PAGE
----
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Ilembe Business Confidence Index (IBCI) 2018 Year-End

Enterprise iLembe, in partnership with the iLembe Chamber of Commerce, Industry & Tourism, collaborate to produce the iLembe Business Confidence Index (iBCI), aimed at providing a biannual picture of business confidence in the iLembe District, as well as an overall business outlook.

The iBCI is a hybrid index derived from, firstly, a biannual business survey conducted in the iLembe district and secondly, a weighted index of financial and economic activity variables.

Highlights and key findings
Business confidence in the iLembe District has shown a slight increase from the record low levels recorded in the previous two half year periods.
The combined hybrid iBCI (i.e. both the survey and activity indices) for the second half of 2018 showed a positive adjustment of .9 index points, compared to the first half of 2018.
The iBCI 2018 Year-End was recorded at 43.7 index points, despite the positive adjustment it remains entrenched in negative territory, i.e. below the neutral level of 50 index points.

The survey component of the iBCI, which was conducted in the latter half of January 2019 and which records subjective business sentiment, showed a positive adjustment of 2.8 index points on the all-time low recorded in the previous six-month period.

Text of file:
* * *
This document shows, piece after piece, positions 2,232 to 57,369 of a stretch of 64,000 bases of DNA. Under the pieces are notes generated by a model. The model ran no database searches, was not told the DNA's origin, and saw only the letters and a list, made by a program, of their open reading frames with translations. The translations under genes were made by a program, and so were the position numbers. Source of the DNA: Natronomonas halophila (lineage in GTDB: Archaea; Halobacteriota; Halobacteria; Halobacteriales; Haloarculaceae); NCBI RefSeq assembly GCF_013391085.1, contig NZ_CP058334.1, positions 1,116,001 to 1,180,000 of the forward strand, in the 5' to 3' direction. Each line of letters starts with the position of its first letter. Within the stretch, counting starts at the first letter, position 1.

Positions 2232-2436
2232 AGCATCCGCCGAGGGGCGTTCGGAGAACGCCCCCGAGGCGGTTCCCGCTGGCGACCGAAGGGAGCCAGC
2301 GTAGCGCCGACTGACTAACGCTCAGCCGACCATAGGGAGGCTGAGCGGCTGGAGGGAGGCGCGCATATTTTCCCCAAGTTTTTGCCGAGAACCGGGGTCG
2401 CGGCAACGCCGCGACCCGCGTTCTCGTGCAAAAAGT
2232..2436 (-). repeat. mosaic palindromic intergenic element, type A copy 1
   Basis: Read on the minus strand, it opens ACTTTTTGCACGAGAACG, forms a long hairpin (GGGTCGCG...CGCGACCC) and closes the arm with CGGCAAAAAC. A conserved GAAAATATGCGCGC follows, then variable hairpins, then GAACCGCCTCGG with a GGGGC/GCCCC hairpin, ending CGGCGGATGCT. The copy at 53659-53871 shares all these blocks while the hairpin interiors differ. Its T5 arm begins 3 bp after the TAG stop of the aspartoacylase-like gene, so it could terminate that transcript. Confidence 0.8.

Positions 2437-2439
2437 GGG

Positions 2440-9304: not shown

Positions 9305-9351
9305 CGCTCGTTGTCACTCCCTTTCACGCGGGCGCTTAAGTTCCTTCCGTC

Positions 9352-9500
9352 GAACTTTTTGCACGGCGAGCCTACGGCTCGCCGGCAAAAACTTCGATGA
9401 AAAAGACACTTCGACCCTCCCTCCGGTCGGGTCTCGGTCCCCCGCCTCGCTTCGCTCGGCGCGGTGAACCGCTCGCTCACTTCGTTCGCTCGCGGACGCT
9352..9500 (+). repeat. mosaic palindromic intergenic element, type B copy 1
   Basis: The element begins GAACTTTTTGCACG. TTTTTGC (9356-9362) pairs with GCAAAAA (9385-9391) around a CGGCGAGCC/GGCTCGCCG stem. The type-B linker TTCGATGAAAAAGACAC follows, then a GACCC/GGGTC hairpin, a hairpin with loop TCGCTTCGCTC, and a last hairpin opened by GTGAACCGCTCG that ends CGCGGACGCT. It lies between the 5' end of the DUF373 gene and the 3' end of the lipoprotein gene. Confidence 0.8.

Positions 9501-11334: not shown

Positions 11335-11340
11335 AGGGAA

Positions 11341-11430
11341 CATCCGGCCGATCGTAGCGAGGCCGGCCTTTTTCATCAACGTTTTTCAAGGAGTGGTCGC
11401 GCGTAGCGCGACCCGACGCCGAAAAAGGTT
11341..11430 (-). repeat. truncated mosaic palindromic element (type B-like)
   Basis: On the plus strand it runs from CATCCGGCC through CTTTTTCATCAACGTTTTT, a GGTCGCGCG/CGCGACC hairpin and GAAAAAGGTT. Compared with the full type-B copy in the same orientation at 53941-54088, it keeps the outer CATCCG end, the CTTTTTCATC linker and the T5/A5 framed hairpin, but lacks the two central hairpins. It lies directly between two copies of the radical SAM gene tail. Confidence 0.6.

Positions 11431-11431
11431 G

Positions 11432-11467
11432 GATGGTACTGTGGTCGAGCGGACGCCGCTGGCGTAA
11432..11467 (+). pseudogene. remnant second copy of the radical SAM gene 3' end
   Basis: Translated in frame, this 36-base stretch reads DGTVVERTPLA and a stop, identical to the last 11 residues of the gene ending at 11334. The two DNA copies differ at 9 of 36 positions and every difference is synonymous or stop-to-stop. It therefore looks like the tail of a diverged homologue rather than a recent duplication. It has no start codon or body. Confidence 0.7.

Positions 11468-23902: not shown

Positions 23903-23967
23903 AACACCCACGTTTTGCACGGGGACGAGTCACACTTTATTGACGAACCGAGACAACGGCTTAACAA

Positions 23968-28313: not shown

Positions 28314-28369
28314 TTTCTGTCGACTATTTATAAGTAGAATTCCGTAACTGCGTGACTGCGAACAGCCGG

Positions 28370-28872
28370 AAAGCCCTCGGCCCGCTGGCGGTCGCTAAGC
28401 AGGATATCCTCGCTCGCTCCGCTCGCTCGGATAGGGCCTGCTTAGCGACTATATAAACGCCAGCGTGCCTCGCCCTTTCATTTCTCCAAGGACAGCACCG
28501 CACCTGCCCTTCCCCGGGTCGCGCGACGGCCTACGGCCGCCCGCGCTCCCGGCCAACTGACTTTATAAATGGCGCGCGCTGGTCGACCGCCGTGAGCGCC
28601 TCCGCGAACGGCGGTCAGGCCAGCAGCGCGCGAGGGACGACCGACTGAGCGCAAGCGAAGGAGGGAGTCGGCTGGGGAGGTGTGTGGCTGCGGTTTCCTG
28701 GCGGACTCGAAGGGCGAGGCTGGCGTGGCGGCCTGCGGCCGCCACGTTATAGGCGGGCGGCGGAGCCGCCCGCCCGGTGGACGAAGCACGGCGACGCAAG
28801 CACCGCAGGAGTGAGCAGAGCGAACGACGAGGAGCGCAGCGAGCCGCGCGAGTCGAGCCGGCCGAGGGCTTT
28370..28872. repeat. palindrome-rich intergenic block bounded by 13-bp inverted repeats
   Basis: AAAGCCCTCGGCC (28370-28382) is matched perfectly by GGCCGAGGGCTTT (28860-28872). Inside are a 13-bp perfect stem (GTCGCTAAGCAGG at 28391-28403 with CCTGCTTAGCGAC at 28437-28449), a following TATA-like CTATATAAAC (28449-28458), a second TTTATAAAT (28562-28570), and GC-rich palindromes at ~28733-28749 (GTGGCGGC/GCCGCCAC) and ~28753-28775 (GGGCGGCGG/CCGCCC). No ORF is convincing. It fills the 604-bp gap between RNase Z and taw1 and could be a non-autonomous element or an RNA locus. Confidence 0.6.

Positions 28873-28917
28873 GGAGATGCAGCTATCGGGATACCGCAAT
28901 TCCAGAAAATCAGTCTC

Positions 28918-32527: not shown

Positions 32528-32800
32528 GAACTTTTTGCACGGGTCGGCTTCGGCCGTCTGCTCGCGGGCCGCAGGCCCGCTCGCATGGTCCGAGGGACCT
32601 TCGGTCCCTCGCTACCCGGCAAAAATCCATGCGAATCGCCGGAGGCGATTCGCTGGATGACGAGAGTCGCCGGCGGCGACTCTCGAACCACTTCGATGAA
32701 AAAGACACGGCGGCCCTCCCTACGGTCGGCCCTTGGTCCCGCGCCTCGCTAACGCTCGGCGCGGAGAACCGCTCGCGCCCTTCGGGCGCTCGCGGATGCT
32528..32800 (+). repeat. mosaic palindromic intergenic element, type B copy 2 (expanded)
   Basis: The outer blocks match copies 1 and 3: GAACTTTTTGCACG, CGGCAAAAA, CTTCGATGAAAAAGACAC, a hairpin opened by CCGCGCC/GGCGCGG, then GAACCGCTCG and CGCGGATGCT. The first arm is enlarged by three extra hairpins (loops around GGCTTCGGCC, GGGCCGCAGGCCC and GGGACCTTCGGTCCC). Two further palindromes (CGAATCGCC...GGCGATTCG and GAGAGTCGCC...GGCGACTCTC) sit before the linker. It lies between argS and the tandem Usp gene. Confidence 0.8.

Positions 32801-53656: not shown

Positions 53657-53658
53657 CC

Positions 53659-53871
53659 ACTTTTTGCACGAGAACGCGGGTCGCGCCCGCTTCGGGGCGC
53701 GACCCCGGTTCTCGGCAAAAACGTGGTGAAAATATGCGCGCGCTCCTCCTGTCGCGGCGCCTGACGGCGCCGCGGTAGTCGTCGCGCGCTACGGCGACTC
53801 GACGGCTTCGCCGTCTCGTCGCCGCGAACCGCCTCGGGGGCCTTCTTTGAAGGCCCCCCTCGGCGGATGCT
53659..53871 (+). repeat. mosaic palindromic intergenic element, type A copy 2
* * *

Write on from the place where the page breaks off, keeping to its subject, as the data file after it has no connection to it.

The 38.1 index points is still a considerable 14.3 index points below the highest recorded survey component in the first half of 2017.
Transport, warehousing, storage featured as the most confident economic sector.
Agriculture, forestry, hunting remains the second most confident sector, with tourism, catering, accommodation, property management remaining third in the ranking.
Despite a slight increase in confidence, the manufacturing, assembly sector slipped to the sixth most confident sector, having been the most confident sector 12 months ago.
The decline in confidence in the construction, property development, property sales sector, a key sector in the iLembe District's economy, saw this sector tumble from the second most confident sector, in the previous six-month period, to one of the least confident sectors.
The manufacturing, assembly sector's woes continue, with the ongoing spates of industrial unrest, community protests and interference with business in the region's main industrial areas, being exacerbated over the past six-months by reintroduced Eskom load shedding, and defaulting debtors.
Feedback to validate this sector's performance includes a reluctance to invest in larger manufacturing equipment because of the unreliability and cost of electricity, the increasing and unrealistic enterprise development expectations from communities surrounding industrial precincts, the costs of logistics from secluded industrial areas, and the crumbling infrastructure, in especially the Isithebe Industrial Park, and the lack of response from the authorities in this regard.

The negativity of sentiment in the key sector of construction, property development, property sales remained being substantiated by delayed planning approvals, unwieldly building control processes and apathy towards the time sensitivity of property development. In addition, the development of infrastructure, increasing concern about the capacity of the road infrastructure and resulting traffic congestion, work disruptions, stoppages and extortion by "business forums" and land occupations contributed to what one respondent described as a "difficult property market".